Shermans Travel » Blog » Archive
Tag Results: Iceland
If you’re traveling internationally or even just across the country, chances are you’ll have a layover somewhere during your journey. Rather than waiting for hours inside the airport, why not take advantage of your location and head into the city? You’ve already paid to get there, after all. Whether you’ve landed in Honolulu or London, Beijing or Reykjavík, these cities are easy to visit from the airport, even if you just have a few hours.
Travel is filled with emotions. Anytime you go somewhere, you’re giving yourself the chance to be delighted, to fall in love, to feel out of place, to find comfort. That’s a big part of why we like to get out there — and yet sometimes nothing in the English language adequately explains these experiences. Or at least not as succinctly as these foreign travel-related words we’ve gathered below. We’re keeping these in our back pocket for the next time we’re grasping for a word to capture a specific, evocative moment from our journeys, and we invite you to do the same.
Despite Iceland’s famous bankruptcy and ensuing currency devaluation, it’s still a very expensive place for Americans to visit. For example, a private, ensuite room in a hostel can cost $150 (with rooms in more luxurious hotels going for double or triple that price). Restaurant entrées typically cost $30-$40, and a cocktail that costs less than $12-$15 is rare.
The good news is that most of what makes Reykjavik so appealing is the free stuff: the quirky culture and friendly locals, the wild nightlife scene, and the amazing landscape that surrounds the city. For everything else, there are ways to save without sacrificing the experience.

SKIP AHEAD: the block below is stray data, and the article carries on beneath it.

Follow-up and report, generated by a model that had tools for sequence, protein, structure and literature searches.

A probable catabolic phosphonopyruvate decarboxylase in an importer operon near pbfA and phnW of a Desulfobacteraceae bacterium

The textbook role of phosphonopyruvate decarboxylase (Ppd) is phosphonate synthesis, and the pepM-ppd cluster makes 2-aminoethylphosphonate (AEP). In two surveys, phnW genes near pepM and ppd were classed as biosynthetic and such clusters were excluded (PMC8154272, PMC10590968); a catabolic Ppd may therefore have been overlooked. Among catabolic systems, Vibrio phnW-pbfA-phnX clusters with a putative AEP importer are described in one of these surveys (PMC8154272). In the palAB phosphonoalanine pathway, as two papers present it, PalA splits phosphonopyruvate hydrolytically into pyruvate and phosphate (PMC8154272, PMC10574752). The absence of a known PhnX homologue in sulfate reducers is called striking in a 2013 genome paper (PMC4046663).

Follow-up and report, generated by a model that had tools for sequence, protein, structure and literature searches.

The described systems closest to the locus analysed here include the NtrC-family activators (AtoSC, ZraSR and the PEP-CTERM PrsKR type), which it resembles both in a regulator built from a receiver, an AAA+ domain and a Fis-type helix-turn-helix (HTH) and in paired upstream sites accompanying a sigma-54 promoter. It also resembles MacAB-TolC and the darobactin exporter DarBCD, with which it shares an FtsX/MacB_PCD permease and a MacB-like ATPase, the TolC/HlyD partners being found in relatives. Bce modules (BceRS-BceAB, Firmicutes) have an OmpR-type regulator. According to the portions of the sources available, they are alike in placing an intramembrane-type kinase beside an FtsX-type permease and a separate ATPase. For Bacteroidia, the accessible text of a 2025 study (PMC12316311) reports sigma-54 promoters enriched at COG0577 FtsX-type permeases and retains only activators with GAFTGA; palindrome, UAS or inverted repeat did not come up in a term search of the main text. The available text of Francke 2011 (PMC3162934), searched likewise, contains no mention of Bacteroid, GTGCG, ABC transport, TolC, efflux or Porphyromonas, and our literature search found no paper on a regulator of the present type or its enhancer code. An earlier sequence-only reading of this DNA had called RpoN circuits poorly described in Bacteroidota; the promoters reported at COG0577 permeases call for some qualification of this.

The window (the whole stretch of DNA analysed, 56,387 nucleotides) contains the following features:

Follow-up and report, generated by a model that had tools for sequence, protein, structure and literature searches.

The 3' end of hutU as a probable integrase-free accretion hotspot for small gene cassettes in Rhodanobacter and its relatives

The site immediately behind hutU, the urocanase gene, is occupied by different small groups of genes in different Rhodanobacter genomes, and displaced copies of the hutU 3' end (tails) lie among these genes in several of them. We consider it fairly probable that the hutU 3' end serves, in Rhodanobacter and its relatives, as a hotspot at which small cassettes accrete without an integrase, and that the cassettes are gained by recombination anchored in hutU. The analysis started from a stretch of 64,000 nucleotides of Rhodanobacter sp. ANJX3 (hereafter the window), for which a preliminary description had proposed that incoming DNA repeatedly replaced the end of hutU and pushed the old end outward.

Ah, airport layovers. Few of us will ever actually look forward to them, but there are some airports where top-notch facilities make waiting for a connection much easier. Here’s a list… Read more
Chalk it up to the name, or perhaps the prospect of short daylight hours, but many people are not exactly keen on the idea of visiting Iceland in the winter. But perhaps that’s a good thing. After all, it leaves the cheap hotels, airfare deals, and cozy hot springs to those of us who are in the know.
Here are six of the best reasons to visit Iceland in the winter… Read more
Adventure traveler or not, few things inspire wanderlusters everywhere to brave the elements like the jewel-hued Northern Lights. If you’ve dreamed of chasing this legendary phenomenon, now’s the time: The aurora is reaching solar peaks this winter and next, meaning visibility will be the greatest in this time for a good decade. And as with all epic travel experiences, you’ll probably want to capture your sightings on film (or an SD card). Here’s how. Read more
With the Millennial generation growing up, the travel industry is beginning to see a gap in the market for sophisticated young travelers on a budget. Budget-chic brands such as CitizenM and Marriott’s Moxy, which offer high design and low price points, are booming, while budget brands such as Radisson are undergoing a design-focused overhaul. The result is that the high-end experience is being redefined: luxurious is no longer synonymous with expensive. That’s good news for travelers of all generations; gone are the days when a low budget meant bland and basic accommodations - as the following worldwide hotels prove.
New York City: Playland Motel
Located way out in Rockaway Beach in Queens, the Playland Motel, which opened in summer 2013, restored a 19th -century building and engaged 12 artists and designers to curate each of the guest rooms. Each season, artists and designers will update the rooms’ designs according to their own aesthetic. Rooms currently available to book include Kate Pane’s Coconut Castle room, which the artist describes as “a hot and heavy girlhood frolic with glitter sunburns, ponies and wet swimsuits.”
The Playland Motel is also home to a popular bar, diner, and pizzeria. The scene is young and the music loud. Rooms (with shared bathrooms) go for around $160 a night.
If this winter’s bright aurora forecast has you itching to see the northern lights, this last-minute flight and hotel deal from Icelandair might well be your ticket.